“Not Vietnamese, but Vietnamese.” The mission statement at Stand Banh Mi is nothing but enigmatic. That is, until you actually arrive, sit down and order at this buzzy little counter restaurant on the residential fringe of Meguro Ward. Then it all starts to make sense.

Obviously banh mi sandwiches and pho noodles are quintessential street foods in Vietnam, found virtually everywhere from Hanoi to Ho Chi Minh City. But for owner Eri Shirai, the primary inspiration comes just as much from France and its cuisine. Factor in some strong local Japanese influences and the result is some of the most satisfying Vietnamese food in all of Tokyo.

Stand Banh Mi's pho with Daisen-jidori chicken | COURTESY OF STAND BANH MI
Stand Banh Mi’s pho with Daisen-jidori chicken | COURTESY OF STAND BANH MI

Stand Banh Mi has eight different styles of banh mi to choose from. Start with the Original, with its classic filling of ham, pate and mixed herbs (mostly mint and coriander leaf), plus shreds of pickled vegetables to give a splash of extra texture and color. The standard baguette is made with a good proportion of rice flour, ensuring it’s suitably soft and light. You can also order it in a limited-edition (just 15 each day) “premium” version made with organic wholewheat flour.

Other fillings include mackerel and tomato; beef cheek simmered in red wine with 10 kinds of spices; grilled pork with chili sauce; and a very Japanese-inflected shigure-ni (beef simmered with ginger and lightly sweetened). For an extra ¥150, the kitchen can also rustle up a French-style tamagoyaki omelet to go with any of the above.

Stand Banh Mi first opened a couple of years ago as a tiny, five-seat-plus-standing hole-in-the-wall that quickly won a strong local following, both for the quality of the food — Shirai buys organic vegetables direct from the farmers and shuns artificial additives wherever possible — and as a welcoming gathering spot to nurse a late-night glass of wine.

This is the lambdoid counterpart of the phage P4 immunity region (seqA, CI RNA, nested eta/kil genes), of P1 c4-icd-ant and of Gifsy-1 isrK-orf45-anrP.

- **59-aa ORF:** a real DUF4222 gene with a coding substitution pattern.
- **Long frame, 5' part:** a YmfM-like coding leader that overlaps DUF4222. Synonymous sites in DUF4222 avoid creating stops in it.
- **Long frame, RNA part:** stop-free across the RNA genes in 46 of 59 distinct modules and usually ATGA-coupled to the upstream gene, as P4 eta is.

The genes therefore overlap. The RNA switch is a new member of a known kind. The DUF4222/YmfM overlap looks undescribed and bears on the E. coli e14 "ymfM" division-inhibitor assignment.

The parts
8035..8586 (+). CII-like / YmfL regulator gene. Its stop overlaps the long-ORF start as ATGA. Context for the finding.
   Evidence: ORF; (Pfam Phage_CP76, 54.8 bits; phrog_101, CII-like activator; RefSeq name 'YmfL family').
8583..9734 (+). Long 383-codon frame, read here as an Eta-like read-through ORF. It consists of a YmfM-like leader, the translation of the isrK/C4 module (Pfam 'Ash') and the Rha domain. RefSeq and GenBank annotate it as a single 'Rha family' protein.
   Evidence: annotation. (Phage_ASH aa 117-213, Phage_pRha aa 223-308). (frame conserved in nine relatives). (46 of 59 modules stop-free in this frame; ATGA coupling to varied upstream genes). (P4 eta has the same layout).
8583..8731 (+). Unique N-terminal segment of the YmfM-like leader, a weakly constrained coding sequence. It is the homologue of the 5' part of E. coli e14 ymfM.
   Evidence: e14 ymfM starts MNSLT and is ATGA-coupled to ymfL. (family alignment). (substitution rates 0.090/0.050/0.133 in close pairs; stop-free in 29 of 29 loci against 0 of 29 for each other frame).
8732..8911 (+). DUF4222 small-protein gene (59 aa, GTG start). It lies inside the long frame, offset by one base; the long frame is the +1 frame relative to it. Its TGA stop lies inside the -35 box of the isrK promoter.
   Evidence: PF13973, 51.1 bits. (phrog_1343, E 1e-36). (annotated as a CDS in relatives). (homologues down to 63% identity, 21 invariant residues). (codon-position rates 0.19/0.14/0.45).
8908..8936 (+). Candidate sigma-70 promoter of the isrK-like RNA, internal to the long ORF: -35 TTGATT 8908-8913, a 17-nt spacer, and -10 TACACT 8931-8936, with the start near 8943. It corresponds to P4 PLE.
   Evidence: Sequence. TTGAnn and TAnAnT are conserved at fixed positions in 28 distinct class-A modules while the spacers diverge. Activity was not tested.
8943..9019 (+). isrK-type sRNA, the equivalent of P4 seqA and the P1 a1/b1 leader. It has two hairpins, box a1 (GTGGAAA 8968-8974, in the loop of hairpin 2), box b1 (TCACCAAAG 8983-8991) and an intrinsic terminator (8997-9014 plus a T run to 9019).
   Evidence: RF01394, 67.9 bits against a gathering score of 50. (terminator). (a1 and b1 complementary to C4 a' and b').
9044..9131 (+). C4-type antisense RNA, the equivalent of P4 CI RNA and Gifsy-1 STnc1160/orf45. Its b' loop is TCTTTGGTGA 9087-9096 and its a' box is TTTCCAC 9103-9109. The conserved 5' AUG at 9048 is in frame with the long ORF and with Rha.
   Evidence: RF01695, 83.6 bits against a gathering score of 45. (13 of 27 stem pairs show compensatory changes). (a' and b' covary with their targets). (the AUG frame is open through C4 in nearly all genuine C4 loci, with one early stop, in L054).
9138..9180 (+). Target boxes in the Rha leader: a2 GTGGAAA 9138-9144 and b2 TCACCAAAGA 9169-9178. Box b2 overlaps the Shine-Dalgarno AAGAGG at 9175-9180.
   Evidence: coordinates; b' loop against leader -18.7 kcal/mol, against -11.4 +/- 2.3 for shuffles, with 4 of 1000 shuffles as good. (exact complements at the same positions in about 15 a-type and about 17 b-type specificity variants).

The exterior of Stand Banh Mi, which reopened in new, larger premises in August. | COURTESY OF STAND BANH MI
The exterior of Stand Banh Mi, which reopened in new, larger premises in August. | COURTESY OF STAND BANH MI

It didn’t take long to outgrow those diminutive digs. So in early August, Shirai moved into larger, more salubrious premises on the other side of Gakugei-daigaku Station. Besides more than doubling the capacity, she has also boosted the menu considerably.

She now offers some excellent, creative takes on pho, such as with Daisen-jidori chicken curry, soft-simmered beef cheek stew or even Hoian-style thick-cut bīfun rice noodles topped with seafood. And for those with larger appetites, there are more substantial rice bowls featuring duck meat, spicy seafood and various types of curry that will come into their own later in the year.

The extra space in the new location has also given Shirai the capacity to add a larger selection of well-chosen natural and low-intervention wines. Just one more reason why Stand Banh Mi is exactly the kind of laid-back bar-diner that we all would like to have in our own neighborhood.

Banh mi from ¥780; pho from ¥860; rice bowls from ¥1,040; English menu; some English spoken

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